By Oswald Sobrino, J.D.; M.A. (Econ.); M.A. (Theo.); M.L. (Master of Latin), doctoral student, University of Florida.

Thursday, April 25, 2013

The Perils of Instant Judgment

The Instant Judgment Culture

In the Gospel, we are told not to condemn others and to remember that the degree of scrutiny that we apply to others will be applied to us. Given that warning straight from the mouth of the master, it is amazing how so many jump to quick judgments--even about the Pope when he carries out a very biblical and highly defensible act, like the washing of the feet of juvenile prisoners, both male and female. That is just one recent but glaring example. You can find many more examples of instant judgment that bears no fruit (just turn on talk radio or the internet equivalents, whether secular or religious). In talk radio, you also have to take into account that the more instant the judgment, the faster the cash flow.

Gospel wisdom is not something that floats down from the air, something not rooted in the soil of this life. The wisdom of not judging too quickly is the wisdom of humility: we do not know everything, we cannot know everything--so let issues percolate, let them simmer, ponder them. Why so much hurry to react to the lastest thing on the news? The survival and well-being of the world do not depend on our instant reactions. We are not the saviors of anything. Follow the rhythm of that old Latin word: paulatim, gradually, little by little.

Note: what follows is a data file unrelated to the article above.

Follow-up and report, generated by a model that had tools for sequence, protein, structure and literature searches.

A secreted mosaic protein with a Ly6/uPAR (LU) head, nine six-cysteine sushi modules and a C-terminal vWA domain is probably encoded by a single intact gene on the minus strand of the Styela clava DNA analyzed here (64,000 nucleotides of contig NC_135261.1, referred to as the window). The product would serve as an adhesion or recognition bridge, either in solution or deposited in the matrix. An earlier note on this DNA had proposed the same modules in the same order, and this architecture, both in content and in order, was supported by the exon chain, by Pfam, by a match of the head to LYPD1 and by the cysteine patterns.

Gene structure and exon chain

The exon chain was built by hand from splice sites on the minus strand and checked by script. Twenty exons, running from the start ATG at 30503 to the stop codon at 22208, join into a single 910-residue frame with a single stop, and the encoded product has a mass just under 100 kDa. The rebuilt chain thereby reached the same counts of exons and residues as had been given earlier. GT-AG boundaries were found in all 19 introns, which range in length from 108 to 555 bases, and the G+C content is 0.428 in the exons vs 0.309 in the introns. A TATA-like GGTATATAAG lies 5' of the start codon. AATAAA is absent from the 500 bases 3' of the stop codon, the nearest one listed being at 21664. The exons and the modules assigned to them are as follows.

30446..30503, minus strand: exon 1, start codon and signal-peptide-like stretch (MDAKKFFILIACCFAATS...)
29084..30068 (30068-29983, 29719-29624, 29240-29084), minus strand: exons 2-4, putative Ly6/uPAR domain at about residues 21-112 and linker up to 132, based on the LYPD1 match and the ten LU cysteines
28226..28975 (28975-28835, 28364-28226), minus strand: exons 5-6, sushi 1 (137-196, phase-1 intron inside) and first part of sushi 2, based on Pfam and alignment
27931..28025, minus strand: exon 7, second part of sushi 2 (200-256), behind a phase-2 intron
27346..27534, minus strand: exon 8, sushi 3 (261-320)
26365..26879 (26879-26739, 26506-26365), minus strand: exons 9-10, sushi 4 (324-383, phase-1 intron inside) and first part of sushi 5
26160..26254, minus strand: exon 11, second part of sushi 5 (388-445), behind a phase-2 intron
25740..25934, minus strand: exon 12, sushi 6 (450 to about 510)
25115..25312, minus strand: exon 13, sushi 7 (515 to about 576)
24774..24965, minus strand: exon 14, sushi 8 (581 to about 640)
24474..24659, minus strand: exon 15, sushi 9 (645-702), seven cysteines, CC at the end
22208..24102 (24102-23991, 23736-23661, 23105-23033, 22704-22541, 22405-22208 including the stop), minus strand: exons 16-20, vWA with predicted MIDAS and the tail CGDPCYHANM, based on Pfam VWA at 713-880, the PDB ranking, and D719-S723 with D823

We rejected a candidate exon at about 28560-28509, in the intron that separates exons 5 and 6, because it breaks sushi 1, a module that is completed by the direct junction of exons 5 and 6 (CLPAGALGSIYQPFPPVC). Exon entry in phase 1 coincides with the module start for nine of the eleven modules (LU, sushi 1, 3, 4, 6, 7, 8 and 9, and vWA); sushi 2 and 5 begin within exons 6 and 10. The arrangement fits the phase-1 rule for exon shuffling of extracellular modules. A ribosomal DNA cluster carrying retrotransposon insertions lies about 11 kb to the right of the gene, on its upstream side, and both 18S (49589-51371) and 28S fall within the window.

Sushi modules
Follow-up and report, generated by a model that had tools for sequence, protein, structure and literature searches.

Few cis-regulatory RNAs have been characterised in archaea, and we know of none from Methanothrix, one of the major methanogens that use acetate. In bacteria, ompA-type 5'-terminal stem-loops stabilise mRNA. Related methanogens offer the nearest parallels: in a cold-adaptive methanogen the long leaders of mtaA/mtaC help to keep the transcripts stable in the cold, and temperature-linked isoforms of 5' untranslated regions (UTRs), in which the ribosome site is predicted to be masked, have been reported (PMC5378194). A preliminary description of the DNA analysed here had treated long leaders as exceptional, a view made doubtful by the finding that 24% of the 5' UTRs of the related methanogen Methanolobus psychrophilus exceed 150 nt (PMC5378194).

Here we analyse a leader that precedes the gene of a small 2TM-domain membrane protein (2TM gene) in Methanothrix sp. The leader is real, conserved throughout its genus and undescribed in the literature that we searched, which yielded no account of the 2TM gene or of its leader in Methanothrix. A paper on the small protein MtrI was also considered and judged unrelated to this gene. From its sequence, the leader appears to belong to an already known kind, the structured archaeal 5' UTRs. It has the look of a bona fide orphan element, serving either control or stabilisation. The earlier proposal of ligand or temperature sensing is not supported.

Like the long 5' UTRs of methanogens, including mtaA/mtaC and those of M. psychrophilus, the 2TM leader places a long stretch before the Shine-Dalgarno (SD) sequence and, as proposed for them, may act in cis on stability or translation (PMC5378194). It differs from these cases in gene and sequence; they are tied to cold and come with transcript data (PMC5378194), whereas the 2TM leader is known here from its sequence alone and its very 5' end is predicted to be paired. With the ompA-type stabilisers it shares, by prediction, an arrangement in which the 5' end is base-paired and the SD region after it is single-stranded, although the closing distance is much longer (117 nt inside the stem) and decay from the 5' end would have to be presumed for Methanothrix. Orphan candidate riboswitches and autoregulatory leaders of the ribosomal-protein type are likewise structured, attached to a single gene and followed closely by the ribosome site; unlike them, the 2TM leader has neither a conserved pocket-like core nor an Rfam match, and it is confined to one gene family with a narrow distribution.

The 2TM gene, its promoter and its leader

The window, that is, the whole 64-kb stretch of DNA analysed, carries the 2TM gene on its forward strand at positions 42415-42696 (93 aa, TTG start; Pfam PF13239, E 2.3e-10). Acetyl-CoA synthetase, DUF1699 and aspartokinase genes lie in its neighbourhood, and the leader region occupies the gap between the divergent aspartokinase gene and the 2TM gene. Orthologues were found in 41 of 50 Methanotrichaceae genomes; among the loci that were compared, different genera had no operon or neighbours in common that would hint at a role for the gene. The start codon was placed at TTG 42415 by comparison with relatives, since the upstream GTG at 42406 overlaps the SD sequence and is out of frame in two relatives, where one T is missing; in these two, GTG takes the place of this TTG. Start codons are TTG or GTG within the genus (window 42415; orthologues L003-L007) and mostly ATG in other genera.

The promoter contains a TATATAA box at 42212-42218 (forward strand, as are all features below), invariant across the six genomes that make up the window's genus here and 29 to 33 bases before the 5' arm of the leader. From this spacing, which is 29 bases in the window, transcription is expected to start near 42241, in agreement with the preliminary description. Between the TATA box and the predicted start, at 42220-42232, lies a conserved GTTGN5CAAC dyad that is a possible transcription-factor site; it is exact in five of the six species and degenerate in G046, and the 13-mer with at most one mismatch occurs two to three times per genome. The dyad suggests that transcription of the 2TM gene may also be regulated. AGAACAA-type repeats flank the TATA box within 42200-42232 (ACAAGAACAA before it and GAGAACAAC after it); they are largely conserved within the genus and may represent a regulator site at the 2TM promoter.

After pondering, you may find that it may actually be better to say, of all things, nothing at all. And, after pondering, you may find out that you might say something more nuanced, more intelligent, something more comprehensive and more comprehending of the entire situation.

Instant judgment is not a gift of the Holy Spirit. Instant judgment is the folly of deceptive certitude and of an exaggerated sense of the importance of our own opinions. And remember that some of the most certain are among the most insecure. Situations develop over time. So should our judgments, especially when made in the public arena.

The Ad Modum Argument